Millwall v Rochdale: continuity
In modern football’s current climate, it is common for clubs to change their approach in order to gain instant results. Millwall and Rochdale are two exceptions to the rule.
They are both keen to develop their own young players and are reluctant to dip into the loan market. They have managers who have spent a combined total of 30 years at their clubs, and therefore share its footballing philosophy. Where those two clubs differ is the footballing philosophy itself. While Rochdale like to play out the back, Millwall have a strong belief in direct play.
Based on their goals scored and chances created this season, almost all attacking moves originate from a high ball to target man Steve Morison, possibly Byron Webster at set pieces.
87 goals in 54 League One games under Neil Harris would suggest the ‘get in the mixer’ approach has yielded some rewards. They posed an attacking threat while retaining some defensive balance last year but seem to have lost that now.
In recent games, we have seen too many players drawn to the ball and this opens up space in other areas. When you have two strikers ahead of the ball at all times, the shortage of numbers further back puts added pressure on midfielders to make the right decisions out of possession.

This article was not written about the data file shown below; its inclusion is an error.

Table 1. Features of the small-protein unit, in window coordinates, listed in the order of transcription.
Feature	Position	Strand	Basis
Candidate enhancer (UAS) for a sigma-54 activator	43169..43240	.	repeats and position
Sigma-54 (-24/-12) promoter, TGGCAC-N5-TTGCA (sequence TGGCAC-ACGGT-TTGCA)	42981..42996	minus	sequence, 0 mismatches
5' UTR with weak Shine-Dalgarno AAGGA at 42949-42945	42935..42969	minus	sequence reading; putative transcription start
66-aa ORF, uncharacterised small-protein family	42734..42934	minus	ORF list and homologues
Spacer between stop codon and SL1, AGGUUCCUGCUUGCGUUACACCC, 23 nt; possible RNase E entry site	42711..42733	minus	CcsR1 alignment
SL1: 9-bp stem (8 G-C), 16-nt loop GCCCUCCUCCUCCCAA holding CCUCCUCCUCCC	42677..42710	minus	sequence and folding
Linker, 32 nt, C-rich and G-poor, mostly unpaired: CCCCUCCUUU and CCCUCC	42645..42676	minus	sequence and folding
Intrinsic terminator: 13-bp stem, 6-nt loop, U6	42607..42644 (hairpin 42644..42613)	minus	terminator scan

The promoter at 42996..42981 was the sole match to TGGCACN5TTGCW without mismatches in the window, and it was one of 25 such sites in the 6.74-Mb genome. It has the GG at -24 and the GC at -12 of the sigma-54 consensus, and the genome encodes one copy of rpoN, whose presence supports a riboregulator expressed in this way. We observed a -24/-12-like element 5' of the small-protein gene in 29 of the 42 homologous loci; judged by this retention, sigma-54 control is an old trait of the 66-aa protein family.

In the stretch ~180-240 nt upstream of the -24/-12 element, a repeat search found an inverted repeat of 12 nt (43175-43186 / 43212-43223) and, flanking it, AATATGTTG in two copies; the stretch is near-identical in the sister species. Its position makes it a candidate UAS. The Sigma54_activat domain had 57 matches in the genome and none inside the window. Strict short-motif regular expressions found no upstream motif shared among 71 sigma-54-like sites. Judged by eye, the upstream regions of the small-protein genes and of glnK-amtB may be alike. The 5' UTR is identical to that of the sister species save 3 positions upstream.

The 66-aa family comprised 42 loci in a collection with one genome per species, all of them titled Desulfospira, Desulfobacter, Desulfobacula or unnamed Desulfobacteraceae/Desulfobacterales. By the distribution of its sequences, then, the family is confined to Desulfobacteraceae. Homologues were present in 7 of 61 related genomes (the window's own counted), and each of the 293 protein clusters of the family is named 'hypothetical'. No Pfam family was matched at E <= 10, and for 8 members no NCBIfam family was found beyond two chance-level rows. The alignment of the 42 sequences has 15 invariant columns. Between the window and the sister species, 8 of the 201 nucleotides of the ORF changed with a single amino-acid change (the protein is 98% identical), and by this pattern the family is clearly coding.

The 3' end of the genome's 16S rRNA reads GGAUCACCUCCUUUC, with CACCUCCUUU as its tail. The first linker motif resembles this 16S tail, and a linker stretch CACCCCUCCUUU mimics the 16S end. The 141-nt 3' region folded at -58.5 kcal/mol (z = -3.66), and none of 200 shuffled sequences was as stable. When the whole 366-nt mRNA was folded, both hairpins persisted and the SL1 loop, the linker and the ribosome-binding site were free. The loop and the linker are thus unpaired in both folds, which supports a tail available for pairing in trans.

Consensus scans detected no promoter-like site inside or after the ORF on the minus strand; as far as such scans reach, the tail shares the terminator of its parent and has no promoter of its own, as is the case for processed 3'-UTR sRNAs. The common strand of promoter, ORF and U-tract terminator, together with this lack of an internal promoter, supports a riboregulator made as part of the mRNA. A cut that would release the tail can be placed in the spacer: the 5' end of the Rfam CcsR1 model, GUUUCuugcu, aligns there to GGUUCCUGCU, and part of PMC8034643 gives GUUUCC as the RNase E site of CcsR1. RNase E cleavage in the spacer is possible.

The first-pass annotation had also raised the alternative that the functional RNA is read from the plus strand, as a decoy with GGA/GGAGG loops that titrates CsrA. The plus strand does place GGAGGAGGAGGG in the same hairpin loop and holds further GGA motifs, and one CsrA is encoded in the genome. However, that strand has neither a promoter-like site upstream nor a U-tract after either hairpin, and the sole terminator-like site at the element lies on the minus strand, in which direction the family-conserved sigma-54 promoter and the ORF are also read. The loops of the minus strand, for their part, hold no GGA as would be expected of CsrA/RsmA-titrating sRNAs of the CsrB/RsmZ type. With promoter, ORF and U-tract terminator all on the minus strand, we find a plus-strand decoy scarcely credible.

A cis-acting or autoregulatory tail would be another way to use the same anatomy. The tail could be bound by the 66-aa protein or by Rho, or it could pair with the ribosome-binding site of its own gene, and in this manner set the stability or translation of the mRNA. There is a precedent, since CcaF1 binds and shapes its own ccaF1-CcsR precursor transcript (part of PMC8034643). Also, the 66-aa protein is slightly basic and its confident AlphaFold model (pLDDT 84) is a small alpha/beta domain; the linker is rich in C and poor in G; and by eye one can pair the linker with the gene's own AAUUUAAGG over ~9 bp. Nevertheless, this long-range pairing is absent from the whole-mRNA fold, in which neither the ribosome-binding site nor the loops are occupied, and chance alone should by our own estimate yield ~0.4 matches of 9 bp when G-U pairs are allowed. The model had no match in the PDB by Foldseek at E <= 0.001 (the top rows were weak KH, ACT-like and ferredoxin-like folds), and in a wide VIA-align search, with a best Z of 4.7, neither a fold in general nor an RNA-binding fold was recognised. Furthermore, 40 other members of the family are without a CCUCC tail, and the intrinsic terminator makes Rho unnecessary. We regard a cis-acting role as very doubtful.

Two up top can work however, as Rochdale proved in the latter stages of last week’s 2-1 win over Fleetwood. Keith Hill’s substitutions changed the game as strikers Calvin Andrew and Steven Davies performed well, the latter scoring a headed winner from Joe Bunney’s cross to take Dale off the bottom.
Like the two forwards, Sanmi Odelusi made an impact in his 26-minute display. As well as being able to keep the ball, he offers Dale something different in his willingness to commit defenders. The team averages one goal per 76 minutes overall but one in 62 with Odelusi on the pitch, Hill’s men scoring in two of his four noteworthy substitute appearances.
The Wigan loanee may be used more prominently in future games, because Rochdale’s squad is getting stretched to the max. Midfielders Callum Camps and Matty Lund have picked up a few yellow cards, some for unnecessary dissent. Injuries to the back four have forced recent midfield arrivals Joe Thompson and Keith Keane to slot in at full-back as Hill has already used 21 players, just eight fewer than the whole of last season.
Amidst the challenges a relegation battle throws at a club, continuity is hard to find.
The Football Lab’s Verdict: 2-1